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The deluge of data from streaming UHDTV video, the Internet-of-Things (IoT) and especially cloud services has finally created a need for circuit board-level optical interconnects as well as for optical backplanes. In the future, CIR believes that other novel services – such as those related to virtual reality and telepresence – will put even more pressure on data communications and telecommunications box makers to extend the use optics in the “guts” of their products.
This report is designed to identify new opportunities for board-level optical interconnects and optical circuit boards. This is an area where CIR has provided coverage for many years and the forecasts and other data provided in this report are rooted in an insider experience of this interesting area. Thus, this report contains a technical analysis of the requirements of this space (issues such as power consumption, etc.) and a detailed ten-year (volume and value) forecast with breakouts by type of box (HPC, servers, routers, switches, telecom equipment, etc.), components, fiber, etc. The report also offers an assessment of the product/market strategies of key optical firms active in this area.
When CIR first began coverage of board-to-board optical interconnects, such items were mostly cobbled together in small numbers by HPC firms such as IBM. However, what CIR is seeing now is a wave of commercialization brought on by the growing need for board-level optics in the data center. For the past few years, much that is interesting in this area from a business perspective has been related to optical engines, with many of the largest firms in the optical components business building a interconnect product arrange around a core engine technology. Also of growing importance in this area is the optical backplane area, which is also undergoing an area of intense commercialization.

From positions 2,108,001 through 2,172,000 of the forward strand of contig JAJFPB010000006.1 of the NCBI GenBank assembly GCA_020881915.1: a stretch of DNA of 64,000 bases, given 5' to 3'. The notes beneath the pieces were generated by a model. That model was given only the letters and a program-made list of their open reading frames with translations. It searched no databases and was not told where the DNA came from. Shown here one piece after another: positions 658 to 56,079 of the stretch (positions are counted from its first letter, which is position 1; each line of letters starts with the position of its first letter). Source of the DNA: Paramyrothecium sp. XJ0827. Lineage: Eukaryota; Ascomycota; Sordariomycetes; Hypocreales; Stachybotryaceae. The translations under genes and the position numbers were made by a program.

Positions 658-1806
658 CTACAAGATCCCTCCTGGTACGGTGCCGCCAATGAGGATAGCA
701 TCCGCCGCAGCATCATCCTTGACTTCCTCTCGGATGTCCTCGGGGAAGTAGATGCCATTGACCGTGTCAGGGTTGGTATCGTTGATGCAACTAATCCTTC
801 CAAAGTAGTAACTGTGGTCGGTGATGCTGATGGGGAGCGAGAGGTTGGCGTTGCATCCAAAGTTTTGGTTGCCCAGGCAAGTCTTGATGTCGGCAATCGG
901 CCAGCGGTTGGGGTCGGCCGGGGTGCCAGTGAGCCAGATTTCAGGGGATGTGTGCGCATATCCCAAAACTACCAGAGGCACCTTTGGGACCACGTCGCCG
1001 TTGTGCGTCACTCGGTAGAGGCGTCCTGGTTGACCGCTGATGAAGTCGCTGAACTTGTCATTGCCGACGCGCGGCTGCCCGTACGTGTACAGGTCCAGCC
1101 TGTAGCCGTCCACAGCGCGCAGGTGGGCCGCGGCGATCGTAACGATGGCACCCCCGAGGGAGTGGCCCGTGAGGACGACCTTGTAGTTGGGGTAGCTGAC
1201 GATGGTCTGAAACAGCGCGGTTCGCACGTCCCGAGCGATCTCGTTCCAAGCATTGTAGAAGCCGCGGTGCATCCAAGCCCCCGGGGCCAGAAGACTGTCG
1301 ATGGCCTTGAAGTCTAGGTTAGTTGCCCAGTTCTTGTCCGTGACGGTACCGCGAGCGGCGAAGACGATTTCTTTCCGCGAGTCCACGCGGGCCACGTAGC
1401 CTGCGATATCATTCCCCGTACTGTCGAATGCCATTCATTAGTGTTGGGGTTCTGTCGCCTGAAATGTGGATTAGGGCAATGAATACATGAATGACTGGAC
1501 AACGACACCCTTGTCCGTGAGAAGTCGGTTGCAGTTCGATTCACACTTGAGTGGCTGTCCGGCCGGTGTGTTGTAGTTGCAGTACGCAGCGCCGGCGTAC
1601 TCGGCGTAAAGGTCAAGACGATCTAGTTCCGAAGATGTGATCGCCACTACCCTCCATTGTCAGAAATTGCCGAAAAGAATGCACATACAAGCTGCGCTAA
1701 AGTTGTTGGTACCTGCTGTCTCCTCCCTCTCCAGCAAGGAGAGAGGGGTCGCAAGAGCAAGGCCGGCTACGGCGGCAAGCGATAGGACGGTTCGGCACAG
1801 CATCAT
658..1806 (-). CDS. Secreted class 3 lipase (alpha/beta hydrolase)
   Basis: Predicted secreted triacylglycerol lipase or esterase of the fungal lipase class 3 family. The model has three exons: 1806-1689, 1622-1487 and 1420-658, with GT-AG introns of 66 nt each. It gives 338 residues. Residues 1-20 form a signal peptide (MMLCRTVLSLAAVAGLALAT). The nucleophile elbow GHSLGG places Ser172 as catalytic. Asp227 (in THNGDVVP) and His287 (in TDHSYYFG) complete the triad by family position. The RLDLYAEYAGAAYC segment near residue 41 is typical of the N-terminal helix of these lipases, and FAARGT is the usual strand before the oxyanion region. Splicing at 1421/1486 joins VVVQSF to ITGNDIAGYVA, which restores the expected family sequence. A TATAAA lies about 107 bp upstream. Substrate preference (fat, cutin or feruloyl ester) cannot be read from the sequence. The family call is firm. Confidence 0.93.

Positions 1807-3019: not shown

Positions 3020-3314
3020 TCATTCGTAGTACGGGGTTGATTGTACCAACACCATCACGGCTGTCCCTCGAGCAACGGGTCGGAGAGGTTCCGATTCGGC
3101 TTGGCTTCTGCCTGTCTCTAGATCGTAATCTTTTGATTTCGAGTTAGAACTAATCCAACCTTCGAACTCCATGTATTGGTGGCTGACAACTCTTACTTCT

This report provides an analysis of such activities from the perspective of revenue generation and discusses how firms active in the optical interconnect space can distinguish themselves in the market through both technology and supply chain strategies. We are particularly interested in this report as to how the latest in optical integration/silicon photonics can benefit the optical interconnect space. We also examine the opportunities that are presented by the high-speed electronic ICs that will be needed to support the growth of board-level optics. In addition, we provide a critical analysis of the standards and MSA work that is being done in this space.